As Mark Twain once said, if we were meant to talk more than we listen, we would have two mouths and one ear. Being an effective listener is a key component to successful communication and healthy relationships, but it’s easier said than done. It’s said that the average person talks at a rate of about 125-175 words per minute, while they think at a rate of about 500 words per minute. This means the mind is racing ahead with an endless stream of internal dialogue, making it harder to really focus on the person speaking in front of you (Did I turn the oven off? I wonder what I should cook for dinner. I’m hungry!) Training yourself to become a better listener is more than just hearing the words the other person says and nodding “uh huh”– it’s a deeper level of understanding that is intentional, focused, and mindful. To start, here are 5 ways to be a better listener:
1. Be present. Technology is a double edged sword. On the one hand, it can keep us connected to friends and loved ones 24/7. On the other hand, it distracts us from the relationships and conversations that are happening right in front of us. According to a recent study by Virginia Tech, the mere presence of a cell phone lessens the quality of conversation and lowers empathy. If you want to be a truly engaged listener, put away the phones, tablets, and laptops. Show the speaker that they have your full attention, and resist the urge to post, tweet or text. Facebook will still be there in 5 minutes, I promise!
2. Listen with your body and make eye contact. For important conversations, you need to communicate that you are listening both verbally and non-verbally. Physically turn and face the other person, and make eye contact. It’s also important to pay attention to the speaker’s body language as well; sometimes what isn’t being said can cue us in to the feelings of the other person and creates deeper understanding.
3. Allow for silence. In this multi-tasking world, we are constantly being bombarded with news, noise and information. Silence feels uncomfortable and awkward, so we rush to fill it. So often we aren’t really listening to what the other person is saying because our minds are rushing to come up with a response as soon as they stop talking. Instead, resist the urge to interject with advice or your perspective until you are certain the other person has finished sharing (and don’t give unsolicited advice unless explicitly asked for it!). It can feel strange at first, but making space for silence can prompt the other person into sharing something on a deeper level.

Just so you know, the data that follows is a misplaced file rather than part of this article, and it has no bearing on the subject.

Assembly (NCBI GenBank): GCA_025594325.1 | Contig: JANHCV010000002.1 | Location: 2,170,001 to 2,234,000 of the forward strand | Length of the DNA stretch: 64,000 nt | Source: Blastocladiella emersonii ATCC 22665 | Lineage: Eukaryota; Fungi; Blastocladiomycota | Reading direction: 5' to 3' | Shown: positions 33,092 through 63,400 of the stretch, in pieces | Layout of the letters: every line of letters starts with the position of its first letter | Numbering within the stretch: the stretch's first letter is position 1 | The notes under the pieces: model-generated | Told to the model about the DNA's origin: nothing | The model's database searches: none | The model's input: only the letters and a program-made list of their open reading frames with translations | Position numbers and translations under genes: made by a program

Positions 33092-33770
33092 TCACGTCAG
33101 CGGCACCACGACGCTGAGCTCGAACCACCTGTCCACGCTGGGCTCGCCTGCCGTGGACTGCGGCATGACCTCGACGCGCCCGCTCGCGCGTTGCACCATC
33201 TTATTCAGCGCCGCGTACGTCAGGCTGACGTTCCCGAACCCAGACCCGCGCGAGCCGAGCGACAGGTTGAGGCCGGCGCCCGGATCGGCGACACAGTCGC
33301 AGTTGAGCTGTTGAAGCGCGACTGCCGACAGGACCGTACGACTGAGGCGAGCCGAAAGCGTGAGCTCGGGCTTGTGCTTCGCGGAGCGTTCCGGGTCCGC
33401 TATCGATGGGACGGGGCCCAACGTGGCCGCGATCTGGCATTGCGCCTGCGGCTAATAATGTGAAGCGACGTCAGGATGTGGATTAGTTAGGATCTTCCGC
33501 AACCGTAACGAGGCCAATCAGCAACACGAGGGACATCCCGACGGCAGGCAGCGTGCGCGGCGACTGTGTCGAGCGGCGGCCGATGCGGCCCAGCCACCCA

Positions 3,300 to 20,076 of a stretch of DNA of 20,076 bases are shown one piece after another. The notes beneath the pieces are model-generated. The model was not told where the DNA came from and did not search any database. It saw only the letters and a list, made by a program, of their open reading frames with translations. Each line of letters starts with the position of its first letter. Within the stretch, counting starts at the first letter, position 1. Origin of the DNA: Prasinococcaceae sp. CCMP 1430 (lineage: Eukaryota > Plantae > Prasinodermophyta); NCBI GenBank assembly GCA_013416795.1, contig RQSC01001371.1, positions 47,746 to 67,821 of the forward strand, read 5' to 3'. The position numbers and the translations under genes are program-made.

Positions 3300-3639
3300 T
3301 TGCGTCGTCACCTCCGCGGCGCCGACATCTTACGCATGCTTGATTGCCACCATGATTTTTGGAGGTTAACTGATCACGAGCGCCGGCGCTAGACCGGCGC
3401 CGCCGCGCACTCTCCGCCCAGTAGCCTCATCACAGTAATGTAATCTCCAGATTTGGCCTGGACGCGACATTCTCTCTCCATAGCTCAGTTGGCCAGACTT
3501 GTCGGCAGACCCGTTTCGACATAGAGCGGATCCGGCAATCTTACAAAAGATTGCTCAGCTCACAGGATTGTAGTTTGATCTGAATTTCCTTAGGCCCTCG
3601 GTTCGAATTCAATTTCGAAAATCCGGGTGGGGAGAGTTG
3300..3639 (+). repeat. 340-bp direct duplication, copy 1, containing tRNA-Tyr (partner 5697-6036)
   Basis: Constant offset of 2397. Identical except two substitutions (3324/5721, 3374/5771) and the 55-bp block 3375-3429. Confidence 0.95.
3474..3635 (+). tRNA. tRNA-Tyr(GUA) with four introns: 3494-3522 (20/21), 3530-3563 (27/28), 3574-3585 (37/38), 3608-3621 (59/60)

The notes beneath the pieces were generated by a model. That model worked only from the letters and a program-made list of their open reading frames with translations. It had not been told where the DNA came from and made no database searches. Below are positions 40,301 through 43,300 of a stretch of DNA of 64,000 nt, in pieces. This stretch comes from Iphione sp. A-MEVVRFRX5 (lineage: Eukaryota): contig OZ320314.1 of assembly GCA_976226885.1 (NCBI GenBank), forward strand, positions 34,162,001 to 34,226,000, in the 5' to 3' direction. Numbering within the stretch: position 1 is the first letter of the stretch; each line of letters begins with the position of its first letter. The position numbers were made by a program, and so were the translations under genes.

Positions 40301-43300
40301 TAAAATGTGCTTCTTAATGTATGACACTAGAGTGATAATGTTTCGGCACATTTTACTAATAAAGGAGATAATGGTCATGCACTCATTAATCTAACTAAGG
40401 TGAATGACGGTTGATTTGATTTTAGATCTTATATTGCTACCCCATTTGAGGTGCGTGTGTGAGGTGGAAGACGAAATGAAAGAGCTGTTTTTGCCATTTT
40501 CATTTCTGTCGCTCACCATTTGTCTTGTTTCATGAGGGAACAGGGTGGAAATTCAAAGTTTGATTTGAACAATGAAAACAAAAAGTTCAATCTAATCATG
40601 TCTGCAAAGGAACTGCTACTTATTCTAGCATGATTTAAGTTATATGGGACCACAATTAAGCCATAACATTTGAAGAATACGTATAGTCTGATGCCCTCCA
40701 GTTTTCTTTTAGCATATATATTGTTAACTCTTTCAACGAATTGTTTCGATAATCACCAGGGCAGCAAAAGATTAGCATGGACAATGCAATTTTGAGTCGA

4. Ask for clarification. Before rushing to make assumptions and fill in the blanks, try asking follow up questions for clarification. For example, “It sounds like you felt (blank), correct?” or “So what you’re saying is (blank), am I getting that right?”. It might feel a little stilted or silly at first, but asking for confirmation can help clear up any potential misunderstandings. Asking open-ended questions are also useful in keeping a conversation flowing and allows the speaker to elaborate.
5. Practice! Like any skill, practice makes perfect! It’s not easy to be an expert listener– try practicing daily with your family, friends, your spouse, in a business meeting, etc. Think you’re pretty good? Try this active listening experiment (listening to a story, then taking a quiz about that story). I admit I was shocked at how I didn’t do so well!
Dumplings, what are your tips for being a better listener?
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Photo credit: Justin Lynham via Flickr; Stephen Shorrock via Flickr